And there was an API and spec for doing that and was known as HTML imports, but let me show you how it looks like, maybe here. And can I use HTML imports? Looks like this. And as you can see, at one point we used to have green, but now it's red.

So it's actually deprecated, it was removed from the spec, and it's not gonna happen, okay. But that was the way to include HTML documents for other HTML documents, for example for using it as a template. That doesn't mean that we cannot do that, in fact, we will see how to do that.

But it's not like by the API. So there is no API or a spec to do that. So in this case, I'm setting all the templates in the same HTML, but we could load these templates from the outside. How? Manually. How, for example, with the Fetch API, instead of loading a JSON, you can load HTML.

It is not a problem. Then we can think about performance. What happens if it doesn't load? Yeah, we need to think about lots of stuff. But yeah, you can do that. Okay, so Shadow DOM. This is how you create the Shadow DOM. You attach a Shadow DOM to the element.

So this.attachShadow typically we do that in the constructor. And we said the mode open or close. And typically we store that as a property of the object to use later. It can be called root, root DOM, root Shadow, Shadow root, different names. So then when you're going to work with your own DOM now you don't append to this, you do that to the shadow DOM, make sense?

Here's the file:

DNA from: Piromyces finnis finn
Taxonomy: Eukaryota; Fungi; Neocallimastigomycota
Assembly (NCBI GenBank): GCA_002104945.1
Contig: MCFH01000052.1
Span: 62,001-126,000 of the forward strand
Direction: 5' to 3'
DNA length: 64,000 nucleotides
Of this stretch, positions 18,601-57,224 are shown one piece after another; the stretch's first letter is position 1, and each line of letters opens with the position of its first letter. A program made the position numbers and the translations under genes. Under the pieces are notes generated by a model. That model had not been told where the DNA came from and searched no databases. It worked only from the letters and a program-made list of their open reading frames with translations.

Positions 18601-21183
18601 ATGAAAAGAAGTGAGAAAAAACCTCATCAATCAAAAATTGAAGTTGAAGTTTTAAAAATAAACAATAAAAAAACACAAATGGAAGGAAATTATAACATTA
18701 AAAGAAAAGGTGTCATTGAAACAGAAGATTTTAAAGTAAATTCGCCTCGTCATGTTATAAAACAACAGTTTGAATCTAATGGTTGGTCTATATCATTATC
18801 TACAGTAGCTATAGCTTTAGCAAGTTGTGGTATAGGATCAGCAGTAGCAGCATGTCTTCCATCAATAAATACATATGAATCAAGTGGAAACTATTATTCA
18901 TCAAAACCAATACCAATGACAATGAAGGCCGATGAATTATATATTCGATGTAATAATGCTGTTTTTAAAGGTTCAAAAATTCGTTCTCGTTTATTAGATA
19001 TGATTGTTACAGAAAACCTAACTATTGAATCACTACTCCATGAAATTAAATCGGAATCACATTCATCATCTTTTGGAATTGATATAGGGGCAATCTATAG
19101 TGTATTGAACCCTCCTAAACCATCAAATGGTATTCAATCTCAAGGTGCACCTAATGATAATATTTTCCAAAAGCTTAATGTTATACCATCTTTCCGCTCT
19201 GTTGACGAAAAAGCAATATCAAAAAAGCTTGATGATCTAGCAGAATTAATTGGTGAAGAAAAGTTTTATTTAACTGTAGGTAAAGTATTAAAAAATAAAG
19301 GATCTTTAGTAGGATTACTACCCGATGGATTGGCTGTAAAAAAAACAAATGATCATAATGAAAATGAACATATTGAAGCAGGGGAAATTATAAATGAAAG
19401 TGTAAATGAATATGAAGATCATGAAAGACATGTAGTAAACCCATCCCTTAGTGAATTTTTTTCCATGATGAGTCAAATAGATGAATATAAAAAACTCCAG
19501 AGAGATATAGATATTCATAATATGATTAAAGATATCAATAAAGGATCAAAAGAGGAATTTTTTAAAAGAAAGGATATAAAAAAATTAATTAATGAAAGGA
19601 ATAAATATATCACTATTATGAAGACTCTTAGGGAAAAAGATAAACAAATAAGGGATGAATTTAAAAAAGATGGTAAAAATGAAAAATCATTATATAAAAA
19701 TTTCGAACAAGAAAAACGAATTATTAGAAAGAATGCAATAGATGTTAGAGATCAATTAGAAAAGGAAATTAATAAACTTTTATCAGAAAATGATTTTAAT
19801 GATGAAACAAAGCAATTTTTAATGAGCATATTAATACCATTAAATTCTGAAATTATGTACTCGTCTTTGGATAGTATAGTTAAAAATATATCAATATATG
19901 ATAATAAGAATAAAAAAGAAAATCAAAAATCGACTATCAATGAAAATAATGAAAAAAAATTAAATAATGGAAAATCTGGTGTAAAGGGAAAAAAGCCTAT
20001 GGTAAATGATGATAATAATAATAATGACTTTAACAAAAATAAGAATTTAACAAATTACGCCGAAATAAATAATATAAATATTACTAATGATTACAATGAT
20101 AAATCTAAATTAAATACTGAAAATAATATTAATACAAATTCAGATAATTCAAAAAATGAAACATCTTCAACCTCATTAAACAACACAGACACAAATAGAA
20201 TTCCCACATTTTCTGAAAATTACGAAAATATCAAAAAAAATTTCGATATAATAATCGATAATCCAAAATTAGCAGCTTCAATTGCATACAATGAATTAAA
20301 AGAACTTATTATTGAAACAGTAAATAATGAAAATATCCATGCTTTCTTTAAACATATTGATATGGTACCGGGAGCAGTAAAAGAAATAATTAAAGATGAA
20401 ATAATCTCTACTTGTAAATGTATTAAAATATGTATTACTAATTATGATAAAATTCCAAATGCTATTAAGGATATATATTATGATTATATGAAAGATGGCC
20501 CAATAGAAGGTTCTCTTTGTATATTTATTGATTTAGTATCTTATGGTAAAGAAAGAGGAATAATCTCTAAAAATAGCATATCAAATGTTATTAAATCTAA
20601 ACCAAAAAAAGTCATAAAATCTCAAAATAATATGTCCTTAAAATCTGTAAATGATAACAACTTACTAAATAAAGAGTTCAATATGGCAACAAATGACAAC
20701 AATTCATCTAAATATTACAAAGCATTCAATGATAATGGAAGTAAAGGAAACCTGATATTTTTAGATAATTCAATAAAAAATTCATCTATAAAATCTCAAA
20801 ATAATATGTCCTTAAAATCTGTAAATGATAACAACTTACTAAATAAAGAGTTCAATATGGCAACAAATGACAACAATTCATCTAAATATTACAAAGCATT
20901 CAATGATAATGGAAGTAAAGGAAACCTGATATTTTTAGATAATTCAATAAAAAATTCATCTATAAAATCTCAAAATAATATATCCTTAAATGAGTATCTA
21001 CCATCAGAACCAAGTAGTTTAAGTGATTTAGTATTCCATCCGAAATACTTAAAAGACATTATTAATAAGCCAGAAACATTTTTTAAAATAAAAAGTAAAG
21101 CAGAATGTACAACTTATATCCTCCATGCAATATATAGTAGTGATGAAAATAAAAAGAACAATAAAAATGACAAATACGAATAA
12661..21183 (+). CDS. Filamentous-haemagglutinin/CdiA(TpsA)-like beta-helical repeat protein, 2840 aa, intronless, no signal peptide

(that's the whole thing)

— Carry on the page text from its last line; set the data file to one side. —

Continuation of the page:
Because you as web component will be part of a bigger DOM. But now you have your inner DOM inside you. So you need to work with your inner DOM, that's called the Shadow DOM, okay. Now when you have a Shadow DOM, when you have this declaration of h1, it applies only to this h1 and not for other h1 that you may have on the page, okay.

Which solves the biggest issue that we saw before. So now when you have a style declarations within a web component, if you enable Shadow DOM, that is optional. If you create the Shadow DOM, then Style Sheets will apply only there, which makes a cleaner CSS code and cleaner HTML.

Because you don't need to abuse on IDs and classes, mostly if the components is pretty simple. Okay, makes sense? So, answering with more information the question about where to define the HTML for custom elements. There are several alternatives, not one, and it's up to us to make the decision.

We can use the DOM API's and do everything by hand, like creating the elements by hand, or in HTML. We can use a template in the main HTML. That's the option that seems like we have here. We can use an external HTML file that was the question and load it with fetch.

I'll bet you're thinking well, but the first time I'm adding that element, well then we need to wait for the HTML to load while it can be prefetched. We do have a preload link element, I'm sure if you have used that. So you can prefetch in your HTML, those external files.

So then when the browser needs that, it will be already in the cache. And when you have the data that is coming from an external HTML, you can use inner HTML, something known as a DOMParser that we won't cover in details today. But it's actually an object with DOM API that will parse a string and returns a document fragment that then you can inject in the real DOM.

Something like that.